#et4online Reflection on Career sessions

At the #et4online session, I went to both the career sessions – one for ed tech practitioners (e.g. instructional designers and educational developers), and the one on ed tech scholars. Last year, I only went to the scholar session, but I found that they kept referring back to the practitioner session so I wanted to make sure that this year I had context for both. I recall that last year, I left the scholar session a little disillusioned about the career path. I blogged asking Where are the real Ed Tech scholars? in part because all the invited scholars had followed a career path that led them to Ed Tech through something else. They did not choose Ed Tech, Ed Tech choose them.

Part of the reason I go to the career sessions is to get a better sense of the state of Ed Tech careers. I don’t necessarily want to follow in the path of any of the presenters, I just want a sense of what paths are out there.

The first career session I attended was the EdTech as a Practitioner/Leader session. My only criticism of this session is that two of the three presenters were from the same institution (California State University – Channel Islands). I must say, it sounds like an awesome place to work. The challenge I have is that it doesn’t give you enough of a sense of what is out there. The key advice from this session was (1) figure out what your niche is, (2) make a name for yourself, (3) being connected makes a difference – so time spent fostering connections is worthwhile.

The second career session I attended was the EdTech as an Academic.  For this session, I was struck by how all the presenters were women. I was also struck by how the advice we were given seem to be “volunteer”. If you volunteer lots, then paid opportunities will find you. Honestly, I really struggle with this advice. In some ways, it is exactly what I’m doing. But as a self-employed person, it is exactly what I’ve been trained to be careful to avoid. If you give too much of yourself away, then people won’t pay for you. There is a tension there that I need to figure out. For example, a Twitter friend commented to me that she only goes to conferences that pay her to attend. As a part-time/adjunct professor, self-funding a conference is an expensive proposition that doesn’t necessarily result in return on investment. I get that. I am just privileged enough to have the luxury to buy my seat at the table – at least while I qualify for the student rates anyways!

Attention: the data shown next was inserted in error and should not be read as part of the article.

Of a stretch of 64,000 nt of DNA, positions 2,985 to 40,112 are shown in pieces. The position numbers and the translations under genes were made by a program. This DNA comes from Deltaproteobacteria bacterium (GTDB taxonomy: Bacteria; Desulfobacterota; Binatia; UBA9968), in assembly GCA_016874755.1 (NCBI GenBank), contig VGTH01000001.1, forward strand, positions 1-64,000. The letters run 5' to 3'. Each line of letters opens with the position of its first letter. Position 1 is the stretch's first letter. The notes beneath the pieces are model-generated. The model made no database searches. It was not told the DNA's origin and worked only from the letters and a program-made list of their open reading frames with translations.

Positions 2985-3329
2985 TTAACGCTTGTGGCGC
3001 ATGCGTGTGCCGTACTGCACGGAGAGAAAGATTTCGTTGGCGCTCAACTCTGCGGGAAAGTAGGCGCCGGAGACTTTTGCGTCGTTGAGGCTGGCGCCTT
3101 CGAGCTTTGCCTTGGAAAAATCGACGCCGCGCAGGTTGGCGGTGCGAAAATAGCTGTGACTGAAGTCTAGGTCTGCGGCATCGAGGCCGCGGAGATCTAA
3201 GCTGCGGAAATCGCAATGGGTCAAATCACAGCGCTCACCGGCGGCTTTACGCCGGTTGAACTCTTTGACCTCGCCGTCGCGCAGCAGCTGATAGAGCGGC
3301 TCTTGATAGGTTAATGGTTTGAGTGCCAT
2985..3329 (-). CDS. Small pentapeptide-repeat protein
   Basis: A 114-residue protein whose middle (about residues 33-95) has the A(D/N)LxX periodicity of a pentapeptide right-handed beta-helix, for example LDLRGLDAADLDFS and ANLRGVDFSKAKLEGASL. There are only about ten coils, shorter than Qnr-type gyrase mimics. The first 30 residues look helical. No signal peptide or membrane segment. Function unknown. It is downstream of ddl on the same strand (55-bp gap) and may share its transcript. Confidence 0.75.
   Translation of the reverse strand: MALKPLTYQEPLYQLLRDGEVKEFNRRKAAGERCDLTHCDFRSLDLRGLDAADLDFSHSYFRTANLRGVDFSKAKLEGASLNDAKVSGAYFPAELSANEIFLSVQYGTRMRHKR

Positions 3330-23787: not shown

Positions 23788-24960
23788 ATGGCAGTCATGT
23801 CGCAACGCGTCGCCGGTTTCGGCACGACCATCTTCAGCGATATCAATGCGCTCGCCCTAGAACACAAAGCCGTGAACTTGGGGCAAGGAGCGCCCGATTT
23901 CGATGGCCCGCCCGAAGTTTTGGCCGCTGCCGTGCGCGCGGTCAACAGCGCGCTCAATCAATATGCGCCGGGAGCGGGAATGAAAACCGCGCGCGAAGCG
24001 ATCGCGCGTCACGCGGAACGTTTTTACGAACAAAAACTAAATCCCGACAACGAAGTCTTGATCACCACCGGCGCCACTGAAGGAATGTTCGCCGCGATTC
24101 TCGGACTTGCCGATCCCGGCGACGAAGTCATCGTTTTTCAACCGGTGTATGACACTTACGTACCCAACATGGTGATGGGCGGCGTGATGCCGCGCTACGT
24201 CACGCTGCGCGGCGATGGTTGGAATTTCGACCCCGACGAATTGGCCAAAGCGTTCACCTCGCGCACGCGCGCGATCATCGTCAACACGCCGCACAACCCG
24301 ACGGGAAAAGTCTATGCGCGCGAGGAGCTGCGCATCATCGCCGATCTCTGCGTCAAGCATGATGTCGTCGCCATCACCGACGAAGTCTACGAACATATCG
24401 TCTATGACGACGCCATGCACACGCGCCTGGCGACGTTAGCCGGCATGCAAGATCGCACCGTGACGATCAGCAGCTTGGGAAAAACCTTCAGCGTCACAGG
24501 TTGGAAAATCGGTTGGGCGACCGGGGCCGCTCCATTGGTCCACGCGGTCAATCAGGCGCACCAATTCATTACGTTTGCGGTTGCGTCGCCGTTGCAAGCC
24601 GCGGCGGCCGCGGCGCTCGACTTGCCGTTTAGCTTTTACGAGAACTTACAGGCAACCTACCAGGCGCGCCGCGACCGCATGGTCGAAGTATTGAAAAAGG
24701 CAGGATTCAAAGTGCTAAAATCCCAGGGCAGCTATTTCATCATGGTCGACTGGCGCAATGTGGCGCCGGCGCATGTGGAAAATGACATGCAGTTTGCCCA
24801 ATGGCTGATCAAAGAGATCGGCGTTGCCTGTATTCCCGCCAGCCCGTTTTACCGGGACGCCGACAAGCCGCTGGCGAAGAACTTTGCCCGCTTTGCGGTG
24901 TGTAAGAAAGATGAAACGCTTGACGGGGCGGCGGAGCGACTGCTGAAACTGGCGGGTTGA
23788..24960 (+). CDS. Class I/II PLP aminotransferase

My criticism for this session is largely that it seemed that all presenters knew each other through Merlot. They all seem to say the same thing – volunteer for Merlot. I also felt there was a lack of adjuncts presenting. The reality for most people completing a PhD in education today is that we will be doing adjunct work. At the eLearn conference I met a women who was making a good living as an adjunct – she had figured out how to teach well online, and make a decent living from it too – that is what I was hoping to see at the panel. I kind of felt like the panelist were not connect to the state of todays job market.

What was also problematic is that they didn’t really let anyone else talk. These were suppose to be round-table discussion – without hierarchy – and yet each of the presenters seem to feel the need to address the one or two question with long diatribes that are much more conducive to panel discussions. There seem to be a lack of quiet times, that would allow other people to jump into the conversation.I felt that I needed to be a little rude and put my voice forward aggressively to get a question in. My tweet summarizes my option of this session rather well “This is a Merlot stacked session… not enough room for people to ask questions … let there be empty space in the conversation”.

Note that neither the Practitioner nor Academic career sessions were available to virtual participants. I did debate bringing Maha into one of the sessions through #et4buddy, or doing a Google Hangout to bring in some virtual participants but I realized that I really didn’t want the sessions to be recorded in any way. In some ways the sessions are a safe space for asking questions and exploring career issues and options. Recording or live broadcasting would take away that safeness.